Project Managers can proactively manage project costs by implementing these seven strategies.
1. Build a foundation for success in the cost estimate
The project cost estimate forms the basis for negotiating the contract price with the customer. The cost estimate needs to balance the expected competitive market price with the capabilities of the organization to execute the work for the estimated price. To achieve these dual goals, it is important to incorporate lessons learned and process improvements from prior project experience. This can be achieved by involving engineering, procurement, and construction representatives in the preparation and review of the cost estimate. These representatives will also be a source of innovative strategies, which will help align the estimate with market intelligence on competitive pricing.
2. Prepare a detailed project budget
The challenge for this step is to translate the cost estimate into a detailed project budget, without having to spend a lot of time restructuring the cost estimate. For example, costs estimates are frequently prepared based on a bill of materials or line items, that would need to be restructured or mapped into an activity-based detailed project budget.
One strategy is to prepare a detailed, activity-based, cost estimate that when finalized becomes the detailed project budget. Another strategy is using a resource loaded project schedule to prepare the cost estimate. This is achieved by assigning unit rates to the individual resources. For instance, hourly or daily rates for labor and equipment, unit prices for materials, and billing rates for subcontractors.
3. Create an earned value tracking tool
Earned value analysis provides an objective means to evaluate whether the project is on budget and on schedule. Earned value analysis compares the planned performance to the actual schedule and cost performance. The planned value (PV) is the authorized budget assigned to scheduled work. The earned value (EV) is a measure of work performed expressed in terms of the budget authorized for the work.
Cost variances (CV) are calculated by comparing the earned value (EV) to the actual cost (AC), or CV = EV-AC. Schedule variances (SV) are calculated by comparing the earned value (EV) to the planned value (PV), or SV = EV-PV.
4. Prepare a cost management plan
A cost management plan describes how expenditures are managed and tracked throughout the project. A potential pitfall for this step is to burden the project with an extremely detailed tracking system, which consumes significant labor resources. It preferable to strike a balance between the level of detail and ease of implementation while providing sufficient insight into actual costs on at least a weekly basis.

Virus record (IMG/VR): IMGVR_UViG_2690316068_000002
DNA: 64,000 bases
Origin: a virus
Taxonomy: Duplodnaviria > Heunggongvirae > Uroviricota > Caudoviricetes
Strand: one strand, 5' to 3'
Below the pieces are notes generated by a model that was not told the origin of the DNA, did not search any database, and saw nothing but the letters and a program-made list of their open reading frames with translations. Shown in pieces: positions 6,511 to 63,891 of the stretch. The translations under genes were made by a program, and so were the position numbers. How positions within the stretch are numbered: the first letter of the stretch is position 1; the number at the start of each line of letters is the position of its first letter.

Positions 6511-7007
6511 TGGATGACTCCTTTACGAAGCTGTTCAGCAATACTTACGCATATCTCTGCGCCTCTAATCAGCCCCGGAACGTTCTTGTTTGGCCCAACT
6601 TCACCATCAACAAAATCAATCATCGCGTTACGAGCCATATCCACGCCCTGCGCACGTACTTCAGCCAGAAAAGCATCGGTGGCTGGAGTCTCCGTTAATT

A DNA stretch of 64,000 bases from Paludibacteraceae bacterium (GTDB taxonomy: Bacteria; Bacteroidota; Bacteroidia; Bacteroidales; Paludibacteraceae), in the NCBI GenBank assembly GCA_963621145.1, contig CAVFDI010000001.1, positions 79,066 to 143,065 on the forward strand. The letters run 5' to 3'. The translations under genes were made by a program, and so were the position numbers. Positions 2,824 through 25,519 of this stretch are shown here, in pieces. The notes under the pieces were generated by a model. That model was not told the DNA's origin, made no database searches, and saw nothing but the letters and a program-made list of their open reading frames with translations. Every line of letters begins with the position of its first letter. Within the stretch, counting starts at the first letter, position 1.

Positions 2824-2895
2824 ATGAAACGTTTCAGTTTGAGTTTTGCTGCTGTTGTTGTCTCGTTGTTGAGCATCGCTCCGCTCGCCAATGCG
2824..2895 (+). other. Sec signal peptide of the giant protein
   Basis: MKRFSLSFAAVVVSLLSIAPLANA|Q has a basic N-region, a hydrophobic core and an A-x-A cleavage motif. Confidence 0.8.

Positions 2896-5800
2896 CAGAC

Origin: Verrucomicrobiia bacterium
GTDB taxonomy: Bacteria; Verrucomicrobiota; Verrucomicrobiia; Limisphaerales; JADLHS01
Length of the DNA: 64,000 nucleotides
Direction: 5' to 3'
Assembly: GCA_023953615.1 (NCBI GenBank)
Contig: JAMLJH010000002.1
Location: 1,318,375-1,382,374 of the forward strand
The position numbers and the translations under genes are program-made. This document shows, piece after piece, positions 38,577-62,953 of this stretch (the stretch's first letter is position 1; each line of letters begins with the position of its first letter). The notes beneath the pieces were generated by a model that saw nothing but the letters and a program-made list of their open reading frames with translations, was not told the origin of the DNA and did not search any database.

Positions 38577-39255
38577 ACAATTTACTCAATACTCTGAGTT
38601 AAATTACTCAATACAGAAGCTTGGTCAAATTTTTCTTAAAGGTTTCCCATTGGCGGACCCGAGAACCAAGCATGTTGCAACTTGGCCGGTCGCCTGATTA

Review the cost management plan with the project team to raise awareness about how to use available tools for managing and tracking expenditures.
5. Track actual costs on a weekly basis
Weekly updates on actual costs will enable the project manager to spot issues when they arise and to develop timely corrective actions. To provide weekly updates, project cost information needs to be recorded at least weekly. This means that labor, equipment, material, and subcontractor costs need to be tracked and reported a least weekly.
Typically, projects will track accrued cost versus cash expenditures. For instance, labor costs will be accrued when weekly timesheets are processed versus when employee paychecks are issued.
6. Forecast estimates-at-completion (EAC) on a monthly basis
Forecasts enable project managers to assess whether the project will finish on budget based on project performance to date. One commonly used forecasting tool is the estimate at completion (EAC).
The basic approach to calculating EACs is by summing the actual costs (AC) with the estimate-to complete (ETC), or EAC = AC + ETC.
The ETC is prepared by the project manager with input from the project team, and is based on performance to date. It is recommended that the AC, ETC, and EAC be calculated at a task level to give an indication of which tasks are forecasted to be completed under budget and which tasks are forecasted to be completed over budget.
7. Proactively address potential cost overruns
The quicker a project manager is able to implement a corrective action, the faster the project can be put back on budget. Budget overruns oftentimes result when the project manager loses track of the actual costs for multiple weeks at a time. This delay could be due to problems in information collection or to the project manager being distracted due to project issues.
To avoid these delays, it is recommended that the project manager adopt a weekly habit of reviewing actual costs and make timely decisions about addressing issues. In addition, transparency and proactive communication with stakeholders will lead to quicker resolution of issues, including identifying potential candidates for change requests.
Project Managers who follow these 7 strategies for managing project costs will minimize budget overruns.
Contact Renewable Projects for help with your cost management system.